It’s a three-pronged impact on the body. First would be the increased body temperature. Second would be the strain that extreme heat places on the cardiovascular system, in particular the heart, which now has to pump harder and increase its heart rate to maintain the blood flow to the skin. Third would be the impact of heat on all the co-morbidities that people have, such as respiratory disease, kidney problems, diabetes and obesity. All of those factor into our ability to tolerate conditions of high heat and humidity.

Can we get sick and die from extreme heat?

Yes. The most severe heat illness is heat stroke, which is a life-threatening emergency. It is defined by two things. One is an elevated body core temperature, usually over 104 degrees. The second is some sort of cognitive impairment or dysfunction. The brain’s delicate nerve tissue is the most vulnerable to higher temperatures. People suffering from heat stroke may not know where they are or how they got there. They might lose consciousness. If the body is not cooled promptly, it can lead to coma and death.

» READ MORE: How to avoid heatstroke and heat exhaustion

There are two different types of heat stroke. Classic heat stroke happens during heat waves and typically affects people over the age of 65.

The second type is exertional heat stroke. A large part of the problem is the lack of heat acclimation. It takes humans who are exercising in the heat somewhere between nine and 14 days to fully acclimate.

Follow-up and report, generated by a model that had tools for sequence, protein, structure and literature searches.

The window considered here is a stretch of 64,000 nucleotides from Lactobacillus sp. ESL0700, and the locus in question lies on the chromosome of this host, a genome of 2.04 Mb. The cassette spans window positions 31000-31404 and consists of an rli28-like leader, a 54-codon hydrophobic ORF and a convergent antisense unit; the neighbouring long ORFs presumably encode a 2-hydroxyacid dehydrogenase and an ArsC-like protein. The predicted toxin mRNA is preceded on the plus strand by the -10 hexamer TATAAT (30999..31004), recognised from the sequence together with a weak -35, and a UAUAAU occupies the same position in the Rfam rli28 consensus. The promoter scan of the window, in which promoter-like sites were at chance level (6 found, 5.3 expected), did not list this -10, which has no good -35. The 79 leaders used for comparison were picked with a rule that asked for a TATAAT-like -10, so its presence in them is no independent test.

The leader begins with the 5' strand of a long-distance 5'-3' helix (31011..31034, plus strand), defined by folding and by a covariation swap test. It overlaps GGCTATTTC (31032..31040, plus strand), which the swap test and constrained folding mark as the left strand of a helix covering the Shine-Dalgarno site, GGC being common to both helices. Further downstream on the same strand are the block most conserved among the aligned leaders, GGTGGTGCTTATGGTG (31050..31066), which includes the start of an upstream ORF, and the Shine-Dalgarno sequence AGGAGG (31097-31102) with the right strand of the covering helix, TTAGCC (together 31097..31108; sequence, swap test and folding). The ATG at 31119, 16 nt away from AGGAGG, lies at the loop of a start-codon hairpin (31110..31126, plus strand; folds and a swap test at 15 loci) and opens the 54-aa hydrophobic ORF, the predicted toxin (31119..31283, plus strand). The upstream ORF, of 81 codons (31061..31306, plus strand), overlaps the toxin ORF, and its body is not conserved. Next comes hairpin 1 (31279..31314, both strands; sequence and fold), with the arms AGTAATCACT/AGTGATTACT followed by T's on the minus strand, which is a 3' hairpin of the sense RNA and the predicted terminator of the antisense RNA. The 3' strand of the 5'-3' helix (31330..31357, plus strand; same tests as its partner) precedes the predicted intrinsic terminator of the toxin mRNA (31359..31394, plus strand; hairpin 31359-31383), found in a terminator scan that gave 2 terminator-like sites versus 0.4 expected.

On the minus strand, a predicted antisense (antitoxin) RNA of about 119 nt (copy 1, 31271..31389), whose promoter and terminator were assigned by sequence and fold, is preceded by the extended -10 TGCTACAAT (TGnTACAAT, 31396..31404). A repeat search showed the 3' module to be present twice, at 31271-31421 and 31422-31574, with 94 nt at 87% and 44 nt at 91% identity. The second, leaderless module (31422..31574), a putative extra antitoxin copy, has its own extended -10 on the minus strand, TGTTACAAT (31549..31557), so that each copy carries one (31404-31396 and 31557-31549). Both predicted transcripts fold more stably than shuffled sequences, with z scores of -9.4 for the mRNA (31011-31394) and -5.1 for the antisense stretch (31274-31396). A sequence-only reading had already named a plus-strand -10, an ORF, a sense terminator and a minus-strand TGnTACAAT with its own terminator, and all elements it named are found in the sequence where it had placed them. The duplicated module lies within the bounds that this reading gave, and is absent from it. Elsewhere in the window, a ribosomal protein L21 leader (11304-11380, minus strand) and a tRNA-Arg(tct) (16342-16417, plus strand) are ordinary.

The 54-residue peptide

The less severe form of heat illness is heat exhaustion. That is usually the result of dehydration associated with sweating during high-intensity exercise. It can be treated by getting the person in a shady area and, if conscious, giving them fluid to drink. If not, they should be given fluid by IV.

Generally, the elderly and infants are at higher risk for the adverse effects of heat. We are just now starting to collect data on the elderly. For infants, there is no data whatsoever. But they are at higher risk because they have an underdeveloped ability to regulate their body temperature. They are beholden to parents and caregivers to make sure they are hydrated and kept out of those heat-stress conditions.

What have you found about our heat limits?

One of the most interesting findings so far is that humans can withstand less heat and humidity than we thought. The theoretical limit has been a wet bulb temperature of 95 degrees Fahrenheit. But our laboratory studies show that even for young, healthy people, the limit is more on the order of a wet bulb temperature of 88 degrees, which equates to 95 degrees in 75% humidity, or 104 degrees in 55% humidity.

It may seem like we get that a lot, but we don’t. Those conditions — a wet bulb temperature of 88 degrees — are just starting to appear on Earth. They are going to become more common with climate change and more and more heat waves start to develop and get more severe.

We are testing those upper limits on human volunteers so we can get the data to help determine when health alerts should be issued, or what policies should be enacted.

What about climate change?

Climate change is interesting because humans are tropical animals. We can tolerate conditions of high heat and humidity for short periods of time. When we hear about climate change, we hear about the earth’s average temperature increasing. That’s not what creates health risks for humans. It’s the extremes. With climate change, there are more frequent heat waves, they last longer, and they’re more severe. So, we always say, “don’t fear the means, fear the extremes.”

The types of temperatures and humidity — these critical environmental limits — that we’ve simulated in the lab have not been exceeded yet on Earth. But we’re moving in that direction.